At the Olympic level, where cyclists are in roughly the same physical condition, the difference between victory and defeat often boils down to a bike’s aerodynamics. The more smoothly air flows over a frame and rider, the less wind resistance he will feel and the faster he’ll go. Engineers at Cervélo used aerospace-grade computational fluid dynamics software and virtual wind-tunnel tests to design the P5, the most aerodynamic bike ever.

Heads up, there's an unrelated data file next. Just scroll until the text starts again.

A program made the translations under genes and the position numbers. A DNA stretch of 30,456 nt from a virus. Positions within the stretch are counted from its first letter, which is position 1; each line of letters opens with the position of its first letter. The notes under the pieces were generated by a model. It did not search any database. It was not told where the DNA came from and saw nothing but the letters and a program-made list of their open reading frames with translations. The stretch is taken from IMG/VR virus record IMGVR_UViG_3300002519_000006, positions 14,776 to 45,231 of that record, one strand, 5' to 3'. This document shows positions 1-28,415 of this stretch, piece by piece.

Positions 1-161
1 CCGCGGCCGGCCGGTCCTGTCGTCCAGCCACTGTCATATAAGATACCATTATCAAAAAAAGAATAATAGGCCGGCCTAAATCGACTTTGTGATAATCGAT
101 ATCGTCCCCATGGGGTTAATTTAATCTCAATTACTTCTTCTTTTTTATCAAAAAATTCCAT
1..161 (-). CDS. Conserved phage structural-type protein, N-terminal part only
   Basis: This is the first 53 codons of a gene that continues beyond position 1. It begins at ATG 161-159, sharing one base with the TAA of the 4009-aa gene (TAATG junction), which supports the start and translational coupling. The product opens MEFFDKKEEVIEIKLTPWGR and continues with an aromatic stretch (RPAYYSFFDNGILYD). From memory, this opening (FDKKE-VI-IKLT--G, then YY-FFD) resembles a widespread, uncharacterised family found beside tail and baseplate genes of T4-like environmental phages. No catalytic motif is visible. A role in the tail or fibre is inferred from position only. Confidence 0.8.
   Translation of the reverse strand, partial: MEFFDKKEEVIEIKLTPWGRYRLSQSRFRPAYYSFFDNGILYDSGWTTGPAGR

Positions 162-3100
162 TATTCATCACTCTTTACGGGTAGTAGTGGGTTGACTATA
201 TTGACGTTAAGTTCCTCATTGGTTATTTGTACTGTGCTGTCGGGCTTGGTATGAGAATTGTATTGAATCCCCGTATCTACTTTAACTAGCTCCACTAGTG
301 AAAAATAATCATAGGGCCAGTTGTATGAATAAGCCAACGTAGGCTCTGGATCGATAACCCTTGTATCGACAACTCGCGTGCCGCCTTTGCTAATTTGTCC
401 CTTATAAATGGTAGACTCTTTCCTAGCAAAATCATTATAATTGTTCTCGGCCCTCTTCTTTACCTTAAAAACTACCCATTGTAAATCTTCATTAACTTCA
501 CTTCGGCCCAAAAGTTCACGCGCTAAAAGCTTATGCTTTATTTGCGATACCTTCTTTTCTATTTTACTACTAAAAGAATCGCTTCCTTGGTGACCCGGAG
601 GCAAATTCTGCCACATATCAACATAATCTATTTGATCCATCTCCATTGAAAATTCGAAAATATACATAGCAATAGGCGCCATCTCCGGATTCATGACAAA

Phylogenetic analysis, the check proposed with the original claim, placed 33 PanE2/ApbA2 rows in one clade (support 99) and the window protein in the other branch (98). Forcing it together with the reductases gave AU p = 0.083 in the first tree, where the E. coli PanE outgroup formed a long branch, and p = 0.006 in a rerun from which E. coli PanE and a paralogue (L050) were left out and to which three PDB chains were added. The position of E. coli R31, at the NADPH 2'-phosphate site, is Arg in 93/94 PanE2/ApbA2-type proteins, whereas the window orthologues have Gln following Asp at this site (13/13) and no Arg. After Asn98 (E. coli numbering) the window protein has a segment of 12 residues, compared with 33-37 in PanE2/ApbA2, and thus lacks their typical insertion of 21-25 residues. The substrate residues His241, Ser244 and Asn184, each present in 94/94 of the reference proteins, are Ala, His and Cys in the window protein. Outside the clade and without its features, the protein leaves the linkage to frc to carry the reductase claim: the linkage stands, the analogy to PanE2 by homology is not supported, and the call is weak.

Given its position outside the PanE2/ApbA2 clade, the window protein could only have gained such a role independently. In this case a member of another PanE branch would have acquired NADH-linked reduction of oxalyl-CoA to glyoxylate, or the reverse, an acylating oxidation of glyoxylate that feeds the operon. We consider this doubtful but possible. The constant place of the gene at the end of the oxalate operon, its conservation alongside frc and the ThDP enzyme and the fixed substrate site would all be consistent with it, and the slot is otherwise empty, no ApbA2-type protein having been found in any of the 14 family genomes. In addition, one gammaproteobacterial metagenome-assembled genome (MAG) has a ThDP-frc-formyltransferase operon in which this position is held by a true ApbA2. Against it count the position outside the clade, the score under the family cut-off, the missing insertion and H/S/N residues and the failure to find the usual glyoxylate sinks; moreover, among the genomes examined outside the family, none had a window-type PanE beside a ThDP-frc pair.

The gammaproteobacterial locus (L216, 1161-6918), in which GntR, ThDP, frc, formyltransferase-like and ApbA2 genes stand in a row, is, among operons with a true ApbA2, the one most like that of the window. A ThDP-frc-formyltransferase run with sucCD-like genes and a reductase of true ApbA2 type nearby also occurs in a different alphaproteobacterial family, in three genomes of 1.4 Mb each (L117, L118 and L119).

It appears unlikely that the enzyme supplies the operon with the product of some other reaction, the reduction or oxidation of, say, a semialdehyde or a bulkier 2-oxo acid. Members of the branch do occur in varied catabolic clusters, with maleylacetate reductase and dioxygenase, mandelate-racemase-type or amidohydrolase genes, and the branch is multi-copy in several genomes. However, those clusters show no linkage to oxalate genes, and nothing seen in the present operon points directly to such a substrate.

With the software, the team at Cervélo designed, rendered and wind-tunnel-tested dozens of P5 prototypes, before ever constructing a physical model. They identified and refined drag-causing areas. For example, they lowered the handlebars and added internal hydraulic brake cables. They also created a tapered rear edge on the seat post, which reduces turbulence off the rider’s backside, allowing air to flow more fluidly around him. The changes translate to 75 grams less drag than on the P5’s predecessor, a reduction that could result in gains of 1.6 seconds per mile—and a gold-medal run in the 44-kilometer Olympic time trial.
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